Emma and Elizabeth: A story based on The Watsons by Jane Austen, by Ann Mychal – A Review

Emma and Elizabeth Ann Mychal 2014 x 200From the desk of Jenny Haggerty:

For those who love Jane Austen’s novels her early death is a tragedy we feel anew each time we contemplate the scant space she takes up on our bookshelves. What Austen fan doesn’t long for more than six completed novels, especially since she left behind several tantalizing story fragments? Of these Sanditon is the most polished. Austen was working on it as a mature author shortly before she died, but it’s an earlier fragment, The Watsons, that has one of my favorite scenes in all of Austen’s work. Emma Watson’s exuberant dance with 10 year old Charles Blake caught the eye of every man at the winter assembly and won my heart. Though Austen never finished Emma’s story, her sister Cassandra knew what she planned, and several authors, including Austen’s niece, have written endings. Ann Mychal’s version titled Emma and Elizabeth intrigued me because Elizabeth is Emma’s older sister. I was eager to read an adaptation featuring both sisters.

Mychal’s opening is wonderfully Austenesque: “When a young woman, on whom every comfort in life is bestowed has the misfortune to inhabit a neighborhood in which peace and harmony reign, her ability to perceive and understand the world must be diminished and, consequently, in need of adjustment.” Emma’s adjustments start as the book begins. After years of living with her wealthy uncle and aunt she is returning to the family of her birth whom she hasn’t seen since her mother died when she was five. Though their father was ever dutiful to his parishioners, the other Watson children lived like orphans, with eldest sister Elizabeth shouldering the drudgery of caring for them all.

Emma however was raised with the undivided loving attention of her guardians and every advantage their wealth could offer her. She learned to ride, draw, sew, speak French, and play the pianoforte well enough to be considered accomplished, but tragedy struck again when her uncle dies. Grief rushed Emma’s aunt into a second marriage, and Emma was sent to join her siblings.

Before arriving home, Emma’s coach is waylaid by rock throwing rioters and she faints into the arms of Lord Osborne. In spite of his gallantry Emma is unimpressed because Osborne has stiff speech and awkward manners. Emma is equally unmoved by popular Tom Musgrave’s charms, though her sister Elizabeth enjoys bantering with him. But Emma is smitten when she meets upright Mr. Howard, known for his long sermons. When Howard’s widowed sister invites Emma to stay at their house, Elizabeth is as thrilled as Emma. Though the sisters were raised in very different circumstances, Emma and Elizabeth are truly fond of each other.

The visit brings Emma into frequent contact with Lord Osborne, but Emma’s low assessment of him doesn’t change, in spite of his obvious interest in her and his kind attentions to young Charles Blake. Emma longs for a match with serious Mr. Howard, so when teased about Osborne by Tom Musgrave she gives her unguarded negative opinion with all the blunt confidence her privileged background has afforded her. Emma cares deeply about doing what’s right. She’s adjusting to her new circumstances and helping Elizabeth with chores, but her upbringing has given her the appearance of an heiress and everyone in the neighborhood assumes she will inherit her late uncle’s fortune. How will Lord Osborne and Mr. Howard react when they discover she’s penniless?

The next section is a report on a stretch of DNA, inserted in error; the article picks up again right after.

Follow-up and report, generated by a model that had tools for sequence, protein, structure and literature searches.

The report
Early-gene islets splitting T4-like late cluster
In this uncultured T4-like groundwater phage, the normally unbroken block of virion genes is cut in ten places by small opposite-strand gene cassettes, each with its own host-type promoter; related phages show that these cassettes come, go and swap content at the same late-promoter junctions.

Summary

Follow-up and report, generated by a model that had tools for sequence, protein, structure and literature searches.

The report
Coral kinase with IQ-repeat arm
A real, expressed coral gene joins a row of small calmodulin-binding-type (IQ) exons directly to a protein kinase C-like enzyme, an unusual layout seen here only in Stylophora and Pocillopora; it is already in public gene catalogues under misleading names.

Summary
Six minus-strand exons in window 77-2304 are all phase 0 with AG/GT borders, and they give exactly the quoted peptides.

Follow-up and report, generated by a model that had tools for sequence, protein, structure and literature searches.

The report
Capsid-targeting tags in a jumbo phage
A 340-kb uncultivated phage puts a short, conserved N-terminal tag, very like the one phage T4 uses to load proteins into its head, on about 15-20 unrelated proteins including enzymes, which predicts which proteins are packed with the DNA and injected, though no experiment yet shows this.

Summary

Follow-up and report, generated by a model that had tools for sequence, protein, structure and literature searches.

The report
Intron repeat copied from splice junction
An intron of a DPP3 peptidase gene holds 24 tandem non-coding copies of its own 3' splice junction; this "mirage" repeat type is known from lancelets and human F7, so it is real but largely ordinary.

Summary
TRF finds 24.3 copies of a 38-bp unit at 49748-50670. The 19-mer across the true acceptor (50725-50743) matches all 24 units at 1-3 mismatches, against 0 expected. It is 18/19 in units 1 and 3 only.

It surprised me at first that Mychal doesn’t start with Austen’s fragment, which is interspersed throughout the text in italics. Mychal writes scenes that precede Austen’s events, and though initially unsure about that, I ended up appreciating the rich, layered story Mychal creates, especially the way she develops characters and backstories Austen could only touch on. There is Miss Carr, a highly entertaining young woman with a Caroline Bingley determination to marry Lord Osborne, and Tom Musgrave with a rakish charm that’s hard to resist. Also fleshed out are Emma’s ever quarreling sisters Margaret and Penelope, her self-important brother Robert, and her needy invalid father, but as befits the title it is Emma’s cheerful, spirited, devoted sister Elizabeth who, though she had none of Emma’s advantages, almost steals the show.

I love that the story incorporates current events, but felt mildly cheated that the ending cut away before all the lovers fully declared their passions–readers learn how the relationships resolve in a somewhat confusing last chapter that takes place years in the future. But that’s a minor quibble, and Mychal’s book has some final, ultimately delightful, surprises because her ending is unlike the one Cassandra Austen said her sister had imagined. Mychal discusses her choices in an interesting afterward, and this reader ended up enjoying her book immensely.

★★★★★ 5 out of 5 Stars

Emma and Elizabeth: A story based on The Watsons by Jane Austen, by Ann Mychal
J. G. Books (2014)
Trade paperback & eBook (306) pages
ISBN: 978-0992879501
ASIN: B00L6GLEPM

Cover image courtesy of J. G. Books © 2014; text Jenny Haggerty © 2014, Austenprose.com

Disclosure of Material Connection: We received one review copy from the publisher in exchange for an honest review. We only review or recommend products we have read or used and believe will be a good match for our readers. We are disclosing this in accordance with the Federal Trade Commission’s 16 CFR, Part 255: “Guides Concerning the Use of Endorsements and Testimonials in Advertising.”

Remember the Past…only as it gives you pleasure, by Maria Grace – A Review

Remember the Past by Maria Grace 2014 x 200From the desk of Kimberly Denny-Ryder: